The fact that this program has achieved the targeted scale-up of award numbers well within the intended timelines is an achievement that is strongly commended by the Independent Progress Report (IPR) team. This achievement was a joint effort between AusAID and the managing contractor in which both parties played critical and indispensable roles. The IPR team found some evidence of appropriate impacts in relation to development, linkages and improved Australian profile. From this basic standpoint the program should be considered successful in an overall sense.
The program has also been highly successful in specific areas. The program pioneered short course awards, and during the short life of the program to date, these have become well established and highly valued by all stakeholders. The level of visa overstays and Protection Visa issues have been far lower than anticipated in the design’s risk assessment. An approximate gender balance has been maintained in award provision, and AusAID staff members have been active in valuable gender initiatives, such as linking in the Governor General to provide networking opportunities for outstanding African women. Awards have clearly been inclusive and supportive of participation by a significant number of persons living with disabilities. The failure rate of Australian Awards in Africa (AAA) awardees has been extremely low, suggesting that selection approaches are obtaining high quality candidates.
However, it would be inaccurate to suggest that the delivery of this program has been flawless. The relationship between AusAID and the managing contractor (MC) developed into a mutually defensive, rather than cooperative, one. This was partially as a result of ‘mixed messages’ coming from AusAID, and is predominantly attributable to an ongoing lack of quality assurance by the contractor in certain areas that necessitated a degree of close management by AusAID operational staff.
A significant proportion of the MC’s scope of services1 were only addressed in a belated or cursory manner -particularly those elements seeking to improve the overall quality of the program. There also appears to have been some diversion of already stressed contractor resources into areas not covered by the scope of services, both by AusAID and the contractor themselves. While some of these diversions can partially be attributed to a legitimate need to adapt to changing circumstances, some appear to have been superfluous and wasteful.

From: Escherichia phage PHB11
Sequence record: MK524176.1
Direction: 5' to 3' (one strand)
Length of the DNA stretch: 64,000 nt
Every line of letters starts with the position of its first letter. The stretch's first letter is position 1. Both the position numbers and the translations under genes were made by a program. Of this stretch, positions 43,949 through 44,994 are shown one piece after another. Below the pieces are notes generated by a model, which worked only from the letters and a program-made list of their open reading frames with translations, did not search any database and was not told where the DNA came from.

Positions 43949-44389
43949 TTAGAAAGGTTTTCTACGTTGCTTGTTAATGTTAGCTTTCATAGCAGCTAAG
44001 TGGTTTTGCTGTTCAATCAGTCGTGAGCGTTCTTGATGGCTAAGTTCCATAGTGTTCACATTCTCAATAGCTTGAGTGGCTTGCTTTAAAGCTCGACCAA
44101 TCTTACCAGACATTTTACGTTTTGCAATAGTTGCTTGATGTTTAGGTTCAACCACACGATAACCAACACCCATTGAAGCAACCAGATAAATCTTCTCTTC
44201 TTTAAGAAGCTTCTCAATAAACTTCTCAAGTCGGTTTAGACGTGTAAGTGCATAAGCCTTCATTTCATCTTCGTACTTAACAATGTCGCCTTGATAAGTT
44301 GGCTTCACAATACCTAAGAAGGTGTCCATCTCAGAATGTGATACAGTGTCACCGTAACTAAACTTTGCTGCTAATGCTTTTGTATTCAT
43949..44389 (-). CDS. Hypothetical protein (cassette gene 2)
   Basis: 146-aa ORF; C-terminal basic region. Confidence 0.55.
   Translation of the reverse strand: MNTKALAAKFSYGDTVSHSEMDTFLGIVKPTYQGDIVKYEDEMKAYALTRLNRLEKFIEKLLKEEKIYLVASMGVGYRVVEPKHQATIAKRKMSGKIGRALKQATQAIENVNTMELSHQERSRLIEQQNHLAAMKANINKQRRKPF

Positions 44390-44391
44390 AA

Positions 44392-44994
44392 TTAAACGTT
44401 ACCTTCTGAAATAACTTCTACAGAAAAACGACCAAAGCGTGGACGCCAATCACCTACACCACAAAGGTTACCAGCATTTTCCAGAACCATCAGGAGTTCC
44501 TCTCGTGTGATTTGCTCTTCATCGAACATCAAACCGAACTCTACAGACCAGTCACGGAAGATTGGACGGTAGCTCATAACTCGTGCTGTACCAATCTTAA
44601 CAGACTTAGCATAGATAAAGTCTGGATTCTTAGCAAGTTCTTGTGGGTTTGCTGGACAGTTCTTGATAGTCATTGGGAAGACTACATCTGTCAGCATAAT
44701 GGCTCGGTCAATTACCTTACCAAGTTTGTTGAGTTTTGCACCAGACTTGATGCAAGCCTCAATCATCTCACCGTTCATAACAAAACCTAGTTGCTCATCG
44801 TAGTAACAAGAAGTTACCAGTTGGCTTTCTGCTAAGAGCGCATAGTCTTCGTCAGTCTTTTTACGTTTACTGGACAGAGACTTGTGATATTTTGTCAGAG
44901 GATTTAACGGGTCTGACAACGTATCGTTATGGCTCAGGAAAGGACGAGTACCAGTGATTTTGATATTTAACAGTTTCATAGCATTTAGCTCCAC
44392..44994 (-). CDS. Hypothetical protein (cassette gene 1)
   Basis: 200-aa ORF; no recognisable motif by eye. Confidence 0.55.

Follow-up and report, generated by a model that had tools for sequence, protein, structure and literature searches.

While the monitoring and evaluation (M&E) systems of the program are one area that was addressed quite early in the program, the information collected by the program to date has been largely output based. The little outcome related data obtained are largely anecdotal. Far more focussed and usable outcome level M&E needs to be undertaken to be able to defensibly assess whether the program has succeeded in fulfilling its objectives2 and whether the degree of success is commensurate with the resources invested. Despite the fact that it is recognised that the program has made substantial efforts in this regard, the penetration of promotional activities, especially to line ministry level, has been poor. This has resulted in a number of misconceptions about the program amongst targeted employers. These shortcomings will need to be addressed if the benefits of the program are to become sustainable.
The IPR team recognises that achieving the targeted scale up in award number is a commendable achievement. However in accepting the contract, the managing contractor has agreed to meet the full scope of services, not a compromised or expedient lower-quality version. Hence, while the IPR team would agree that the contractor was preoccupied with trying to cope with the huge process-oriented workloads of the scale-up, this factor cannot fully excuse poor performance in other important areas –especially given contractor staffing issues that delayed action in these areas.
The bigger picture in relation to AusAID Human Resource Development (HRD) efforts in Africa has changed significantly since the initial design of this program, and additional plans are in place for continued change during the near future. In taking the program forward, the responses necessary to improve the quality of the program can no longer be considered in the same context as the program was originally designed. These broader changes primarily focus on an expansion of HRD efforts, both in scope and number of programs involved.
To maintain optimal usefulness of the various HRD (capacity building) tools represented by the different forms of Australia Awards, means must be developed of enabling use of these tools across all relevant programs. This will require a review of the provision of AAA as a stand-alone program and will have implications for both external contracting and internal AusAID management. More specifically, it will require that AusAID create contracts that incorporate a service provision function for other AusAID programs and restructure AusAID work units and associated roles to allow AusAID to play an expanded role in producing and implementing a combined HRD strategy and an associated shared promotional plan (applying to all HRD programs).
This revision of the approach to award delivery will also provide a critical opportunity to revise and clarify the definitions of the full range of capacity-building tools available to HRD programs. This includes more formal tools provided under the Australia Awards banner and the more ad-hoc and highly responsive tools used outside this banner.